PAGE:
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Behind-the-scenes with air traffic controllers at the Ottawa International Airport


At this moment, thousands of airplanes are flying in the air and across the country, en route to various global destinations. The complex tasks and coordination to ensure each plane moves safely, on the ground and into the sky, belongs to air traffic controllers.

From taxi to take off, final approach and touchdown, any plane in motion at the Ottawa International Airport must first receive clearance from crewmembers in the Nav Canada air traffic control tower. 

Perched high above the runways at the Ottawa International Airport, and with a 360-degree view of the airfield and sky, air traffic controllers must track, verify and prioritize each aircraft's flight plan, which includes some of the smaller airports within the national capital region.

"The biggest part of our job is coordination," Ryan Lloyd, air traffic controller supervisor, says. "We are in charge of keeping the airplanes separated and safe here at the Ottawa Airport and everything that you see here for seven miles (11 km) up to 3,000 feet (912 metres) is our responsibility. Planes taking off, landing and anybody overflying the airport."

Air traffic controllers direct planes and work with pilots, operating all types of aircraft, to climb, turn, descend and move safely, whether on the ground or in the sky. 

In addition, any vehicle rolling along an active tarmac must contact ATC for approval.

Lloyd, with more than two decades of experience in air traffic control, points to some of the various 'stations' in the control centre, each with as many as four different displays. The stations provide necessary information on aircraft location, weather, flight plans, airspeed, cargo weights and radio communication frequencies.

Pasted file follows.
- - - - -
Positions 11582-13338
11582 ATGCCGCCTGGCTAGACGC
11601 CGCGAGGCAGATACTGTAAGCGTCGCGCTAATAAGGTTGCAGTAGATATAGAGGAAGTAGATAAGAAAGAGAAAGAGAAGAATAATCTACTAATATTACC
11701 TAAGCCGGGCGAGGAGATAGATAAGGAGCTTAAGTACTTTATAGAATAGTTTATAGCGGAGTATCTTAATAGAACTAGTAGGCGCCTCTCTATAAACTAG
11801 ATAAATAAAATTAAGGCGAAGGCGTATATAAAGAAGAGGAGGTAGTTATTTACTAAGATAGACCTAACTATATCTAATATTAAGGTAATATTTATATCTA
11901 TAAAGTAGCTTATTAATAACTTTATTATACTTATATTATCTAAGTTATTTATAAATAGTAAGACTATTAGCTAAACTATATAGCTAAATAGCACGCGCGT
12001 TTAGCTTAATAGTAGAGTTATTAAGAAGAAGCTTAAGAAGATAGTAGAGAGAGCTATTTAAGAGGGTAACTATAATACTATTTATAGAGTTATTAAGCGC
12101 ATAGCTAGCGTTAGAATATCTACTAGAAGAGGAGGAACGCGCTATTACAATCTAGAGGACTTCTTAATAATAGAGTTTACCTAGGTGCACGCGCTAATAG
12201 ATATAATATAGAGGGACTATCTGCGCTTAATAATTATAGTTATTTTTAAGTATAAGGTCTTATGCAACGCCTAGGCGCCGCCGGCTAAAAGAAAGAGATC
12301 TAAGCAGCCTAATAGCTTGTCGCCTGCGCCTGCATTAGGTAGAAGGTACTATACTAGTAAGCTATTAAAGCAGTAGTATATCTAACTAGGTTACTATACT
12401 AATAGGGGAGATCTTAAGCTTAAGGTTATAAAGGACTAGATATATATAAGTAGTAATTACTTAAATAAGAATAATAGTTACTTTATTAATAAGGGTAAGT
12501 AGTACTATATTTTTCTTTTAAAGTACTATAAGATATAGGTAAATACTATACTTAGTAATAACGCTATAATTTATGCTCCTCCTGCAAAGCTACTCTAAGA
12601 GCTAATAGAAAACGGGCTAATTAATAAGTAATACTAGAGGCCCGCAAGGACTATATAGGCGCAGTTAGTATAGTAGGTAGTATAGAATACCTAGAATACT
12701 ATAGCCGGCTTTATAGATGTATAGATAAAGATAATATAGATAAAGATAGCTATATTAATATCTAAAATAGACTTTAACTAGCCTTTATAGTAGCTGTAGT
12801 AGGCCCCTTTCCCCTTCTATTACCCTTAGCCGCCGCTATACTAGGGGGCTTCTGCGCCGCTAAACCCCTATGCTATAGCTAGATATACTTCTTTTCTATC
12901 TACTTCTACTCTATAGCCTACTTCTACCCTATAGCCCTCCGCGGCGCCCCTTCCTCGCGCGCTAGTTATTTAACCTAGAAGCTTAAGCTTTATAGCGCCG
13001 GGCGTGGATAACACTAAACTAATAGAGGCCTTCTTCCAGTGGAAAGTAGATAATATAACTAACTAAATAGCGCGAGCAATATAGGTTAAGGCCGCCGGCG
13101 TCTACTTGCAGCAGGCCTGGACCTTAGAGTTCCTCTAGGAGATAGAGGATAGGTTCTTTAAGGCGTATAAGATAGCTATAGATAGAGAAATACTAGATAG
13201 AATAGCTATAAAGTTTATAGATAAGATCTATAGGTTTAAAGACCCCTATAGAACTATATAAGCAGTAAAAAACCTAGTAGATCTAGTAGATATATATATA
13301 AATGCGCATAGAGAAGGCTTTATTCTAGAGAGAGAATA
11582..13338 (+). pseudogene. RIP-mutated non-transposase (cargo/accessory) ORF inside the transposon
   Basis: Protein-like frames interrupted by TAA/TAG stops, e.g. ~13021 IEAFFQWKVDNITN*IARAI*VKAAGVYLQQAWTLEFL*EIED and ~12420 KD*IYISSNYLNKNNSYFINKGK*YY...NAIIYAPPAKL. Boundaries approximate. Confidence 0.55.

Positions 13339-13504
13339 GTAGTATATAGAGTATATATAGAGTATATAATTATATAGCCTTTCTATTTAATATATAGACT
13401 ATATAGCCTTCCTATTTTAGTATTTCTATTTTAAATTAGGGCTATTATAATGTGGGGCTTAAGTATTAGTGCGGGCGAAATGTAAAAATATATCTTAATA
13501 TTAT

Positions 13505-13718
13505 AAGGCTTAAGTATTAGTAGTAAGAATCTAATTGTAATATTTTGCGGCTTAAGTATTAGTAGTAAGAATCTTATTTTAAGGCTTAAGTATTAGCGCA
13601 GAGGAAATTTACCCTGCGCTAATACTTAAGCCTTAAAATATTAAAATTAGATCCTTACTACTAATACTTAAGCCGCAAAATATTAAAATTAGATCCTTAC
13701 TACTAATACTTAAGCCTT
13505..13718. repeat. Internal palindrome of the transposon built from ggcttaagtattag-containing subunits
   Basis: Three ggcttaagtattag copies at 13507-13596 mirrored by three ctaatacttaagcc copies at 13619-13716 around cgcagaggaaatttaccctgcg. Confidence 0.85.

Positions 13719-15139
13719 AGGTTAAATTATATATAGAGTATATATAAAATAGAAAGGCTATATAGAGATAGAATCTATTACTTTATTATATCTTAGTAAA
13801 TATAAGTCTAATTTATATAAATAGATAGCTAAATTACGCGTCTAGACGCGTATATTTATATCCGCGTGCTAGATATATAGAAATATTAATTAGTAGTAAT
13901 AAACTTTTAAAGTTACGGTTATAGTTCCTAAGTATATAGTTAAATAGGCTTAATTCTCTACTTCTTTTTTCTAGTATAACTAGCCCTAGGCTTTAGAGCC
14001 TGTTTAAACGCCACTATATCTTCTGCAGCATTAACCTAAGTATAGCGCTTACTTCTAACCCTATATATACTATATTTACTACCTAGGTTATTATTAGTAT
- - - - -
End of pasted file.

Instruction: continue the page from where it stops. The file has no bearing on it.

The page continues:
"Our ground controller is responsible for all the vehicles on the ground, all the aircraft on the ground and getting people to and from the runways and the tower controller is responsible for all of the aircraft in the air, clearing the aircraft for departure. Anybody transiting the control zone, that’s us. If you are flying from Rockcliffe airport to Smiths Falls, you would be talking to us," says Lloyd, who, on Wednesday afternoon, points out a typical scenario with airplanes, which happens hundreds of times each day.

"Take this cargo jet on its way to Iqaluit today, our active runway is 3-2. So the ground controller is taxiing the aircraft out to the end of the runway and then he’s going to transfer communications to the tower controller who will fit him into his traffic of arrivals, departures, overflights and then he’ll give him a take-off clearance."

Meanwhile, a plane is landing, a military helicopter is hovering nearby, there are service trucks requesting to cross an active runway, as a Porter flight awaits instruction. This may seem like a chaotic situation to many, but not up in this tower. It was simple, organized and fluid.

This is all in a day's work.

Friday is the International Day of the Air Traffic Controller, and this rare, behind-the-scene look at how Nav Canada and its world-class technology operates its cross-country air navigation system is to highlight the hard work of air traffic controllers and increase awareness and understanding of their job and the unique challenges they face.

In an effort to fill the gap of shortages in air traffic control, Nav Canada will recruit more than 600 applicants over the next two years as traffic controllers and flight service specialists. Successful applicants receive a salary while training, which can take up to 27 months to complete and a course, which involves full-time classes, time in a simulator as well as on-the-job training. Top Stories

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